Chhaap in collaboration with the State Bank of India had organized a Heritage walk in the old city in November 2003. Debashish Nayak from Ahmedabad, who has designed heritage walks in many other cities and countries, had
designed this walk. During the walk he pointed out many architectural and town planning high lights of the city. It was called Mandir to Mazjiid. Started from Jagmandir and ended at Jami mazjid near Madvi gate.
Talk started with a slide show in SBI auditorium where Dabashish pointed out how the city was originally planned and developed. Next day during the walk he pointed out a few murals, electric polls and the water system which is unique to Baroda. After a week about 35 people made etching on their experience on walk with technical assistance from Chhaap artists and an exhibition of the same was held.
A travelling show was hosted by Chhaap on 26th January 2009. Prof. Hui-Chu Yung from Akron University had proposed this project of showing 125 miniature format books done by artists from all over the world. Inaugurated by Jyoti Bhatt and was appreciated by Baroda audience as a unique show. Books were done in various material such as paper, clothe, wood, acrylic, metal and laser cut.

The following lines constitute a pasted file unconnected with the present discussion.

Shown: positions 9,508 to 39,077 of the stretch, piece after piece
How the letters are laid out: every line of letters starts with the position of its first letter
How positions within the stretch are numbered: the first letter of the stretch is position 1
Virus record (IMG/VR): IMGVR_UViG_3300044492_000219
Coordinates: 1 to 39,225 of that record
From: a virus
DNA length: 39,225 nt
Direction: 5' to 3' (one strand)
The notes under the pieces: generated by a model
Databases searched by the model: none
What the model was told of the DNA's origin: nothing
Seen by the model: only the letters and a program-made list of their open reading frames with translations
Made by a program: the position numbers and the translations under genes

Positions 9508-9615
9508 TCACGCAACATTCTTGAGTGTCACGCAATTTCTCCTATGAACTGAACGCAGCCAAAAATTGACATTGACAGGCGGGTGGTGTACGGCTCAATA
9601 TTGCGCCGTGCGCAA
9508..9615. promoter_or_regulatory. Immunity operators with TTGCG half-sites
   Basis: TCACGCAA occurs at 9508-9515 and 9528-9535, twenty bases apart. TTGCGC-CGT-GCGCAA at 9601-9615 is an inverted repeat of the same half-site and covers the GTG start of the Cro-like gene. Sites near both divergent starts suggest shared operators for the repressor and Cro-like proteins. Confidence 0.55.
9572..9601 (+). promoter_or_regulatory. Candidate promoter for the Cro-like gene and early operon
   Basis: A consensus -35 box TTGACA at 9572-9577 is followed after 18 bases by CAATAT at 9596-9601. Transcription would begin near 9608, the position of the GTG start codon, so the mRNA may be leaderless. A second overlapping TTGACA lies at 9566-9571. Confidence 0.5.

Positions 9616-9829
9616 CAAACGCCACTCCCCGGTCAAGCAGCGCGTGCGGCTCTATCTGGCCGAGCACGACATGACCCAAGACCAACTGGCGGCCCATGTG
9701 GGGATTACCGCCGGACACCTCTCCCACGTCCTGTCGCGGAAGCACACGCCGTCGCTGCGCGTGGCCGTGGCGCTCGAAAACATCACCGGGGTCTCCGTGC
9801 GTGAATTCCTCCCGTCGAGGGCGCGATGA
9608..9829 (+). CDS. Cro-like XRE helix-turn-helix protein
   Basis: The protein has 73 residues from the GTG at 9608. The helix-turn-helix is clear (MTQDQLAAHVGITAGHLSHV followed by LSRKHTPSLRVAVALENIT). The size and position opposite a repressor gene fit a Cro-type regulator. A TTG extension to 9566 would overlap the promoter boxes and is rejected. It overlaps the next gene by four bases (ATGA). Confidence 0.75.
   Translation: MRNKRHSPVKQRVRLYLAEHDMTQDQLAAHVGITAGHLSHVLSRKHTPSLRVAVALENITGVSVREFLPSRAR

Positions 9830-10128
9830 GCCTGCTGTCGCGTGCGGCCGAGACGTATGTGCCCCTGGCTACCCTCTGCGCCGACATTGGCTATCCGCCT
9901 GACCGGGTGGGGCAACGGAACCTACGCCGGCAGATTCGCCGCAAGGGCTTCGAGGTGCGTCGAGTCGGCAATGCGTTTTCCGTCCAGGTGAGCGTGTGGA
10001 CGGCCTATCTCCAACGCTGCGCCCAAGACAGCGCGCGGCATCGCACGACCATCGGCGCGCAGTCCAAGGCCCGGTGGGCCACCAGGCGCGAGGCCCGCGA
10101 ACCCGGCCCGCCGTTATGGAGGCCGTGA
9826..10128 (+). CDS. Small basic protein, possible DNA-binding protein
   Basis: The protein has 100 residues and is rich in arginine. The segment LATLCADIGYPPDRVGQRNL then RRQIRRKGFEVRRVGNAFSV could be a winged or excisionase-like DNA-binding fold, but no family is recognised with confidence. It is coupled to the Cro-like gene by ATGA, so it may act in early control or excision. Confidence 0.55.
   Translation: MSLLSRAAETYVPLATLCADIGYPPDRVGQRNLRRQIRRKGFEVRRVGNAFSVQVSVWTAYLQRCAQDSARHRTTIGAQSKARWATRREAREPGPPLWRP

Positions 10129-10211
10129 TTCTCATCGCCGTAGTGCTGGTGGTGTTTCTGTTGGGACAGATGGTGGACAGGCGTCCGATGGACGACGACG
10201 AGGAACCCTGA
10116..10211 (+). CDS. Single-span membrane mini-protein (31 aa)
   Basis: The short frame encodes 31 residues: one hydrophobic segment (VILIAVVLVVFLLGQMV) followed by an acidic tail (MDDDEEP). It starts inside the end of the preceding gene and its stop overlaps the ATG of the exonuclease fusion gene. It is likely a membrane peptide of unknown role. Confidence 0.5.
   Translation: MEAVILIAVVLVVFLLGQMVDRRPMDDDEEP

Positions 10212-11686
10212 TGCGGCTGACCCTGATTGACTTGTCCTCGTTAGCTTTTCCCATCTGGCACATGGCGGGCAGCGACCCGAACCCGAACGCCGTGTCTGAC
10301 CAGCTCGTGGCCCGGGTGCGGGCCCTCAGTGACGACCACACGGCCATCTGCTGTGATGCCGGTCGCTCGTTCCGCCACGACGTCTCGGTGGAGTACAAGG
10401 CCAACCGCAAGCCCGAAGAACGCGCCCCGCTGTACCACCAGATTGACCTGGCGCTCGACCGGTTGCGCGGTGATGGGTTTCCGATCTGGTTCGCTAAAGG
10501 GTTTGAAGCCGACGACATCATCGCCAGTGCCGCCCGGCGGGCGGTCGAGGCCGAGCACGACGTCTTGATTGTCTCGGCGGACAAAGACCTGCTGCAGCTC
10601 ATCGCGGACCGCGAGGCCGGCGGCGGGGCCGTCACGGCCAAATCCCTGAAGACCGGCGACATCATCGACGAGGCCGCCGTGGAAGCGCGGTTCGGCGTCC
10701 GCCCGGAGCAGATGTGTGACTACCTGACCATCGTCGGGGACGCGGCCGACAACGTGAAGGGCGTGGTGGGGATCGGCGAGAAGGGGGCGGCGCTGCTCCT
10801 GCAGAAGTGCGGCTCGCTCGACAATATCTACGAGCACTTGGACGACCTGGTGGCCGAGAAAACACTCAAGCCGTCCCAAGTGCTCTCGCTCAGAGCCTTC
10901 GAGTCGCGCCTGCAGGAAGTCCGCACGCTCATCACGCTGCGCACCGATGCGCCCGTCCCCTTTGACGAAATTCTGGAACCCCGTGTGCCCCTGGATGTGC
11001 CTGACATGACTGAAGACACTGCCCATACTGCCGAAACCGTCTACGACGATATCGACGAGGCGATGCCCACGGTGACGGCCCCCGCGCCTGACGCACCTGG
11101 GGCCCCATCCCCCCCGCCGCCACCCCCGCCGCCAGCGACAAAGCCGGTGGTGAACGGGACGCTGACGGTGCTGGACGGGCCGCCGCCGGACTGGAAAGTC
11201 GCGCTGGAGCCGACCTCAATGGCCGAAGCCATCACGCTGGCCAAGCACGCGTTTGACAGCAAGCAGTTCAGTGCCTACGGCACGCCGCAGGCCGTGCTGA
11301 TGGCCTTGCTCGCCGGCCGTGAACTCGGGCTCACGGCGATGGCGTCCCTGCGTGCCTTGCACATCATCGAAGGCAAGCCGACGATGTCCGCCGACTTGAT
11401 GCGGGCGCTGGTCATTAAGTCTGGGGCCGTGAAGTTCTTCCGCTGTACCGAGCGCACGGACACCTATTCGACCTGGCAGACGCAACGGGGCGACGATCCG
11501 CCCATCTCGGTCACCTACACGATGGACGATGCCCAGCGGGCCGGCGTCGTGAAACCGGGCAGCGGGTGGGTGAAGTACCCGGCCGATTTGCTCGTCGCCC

Chhaap Foundation and Graphic Arts Department, Faculty of Fine Arts, The Maharaja Sayajirao institute of Baroda had a one day symposium on 11th December, 2018 that addressed areas and topics related to New Media and its impact on existing Printmaking trends. The key speakers in the symposium were Prof. Nicholas Hill, Director, Frank Museum of Art, Ohio, USA and Arpan Mukherjee, Associate Professor, Kala Bhavan, Viswa Bharati Uniersity. The other speaker was Indrapramit Roy, Associate Professor, Faculty of Fine Arts, M S University. There was also a panel discussion in the afternoon session. In an interactive session, Prof. Nicholas Hill captured everyone’s interest by posing overarching queries about what is creativity and in what direction are we going with our expressions. This session was a self-examination for each participant. Mr Arpan Mukherjee questioned the way art is made, shared and executed; stating that all this has been contextualized to suit the time and situation. He showed various examples where the traditional process and execution of prints has crossed boundaries into uncharted territories. Post lunch, Mr Indrapramit Roy spoke briefly on the history of printmaking in India and then posed several pertinent queries about the relevance of printmaking in the academics and its role in academics. In the subsequent discussion many questions were posed. Contemplation on these thoughts lead to the conclusion that Printmaking has truly moved beyond the traditional techniques. While the old methods remain important, new techniques, experiments, ways of expressing, displaying, exchanging and dealing have taken the medium to areas that are continuously expanding and growing according to the needs of time.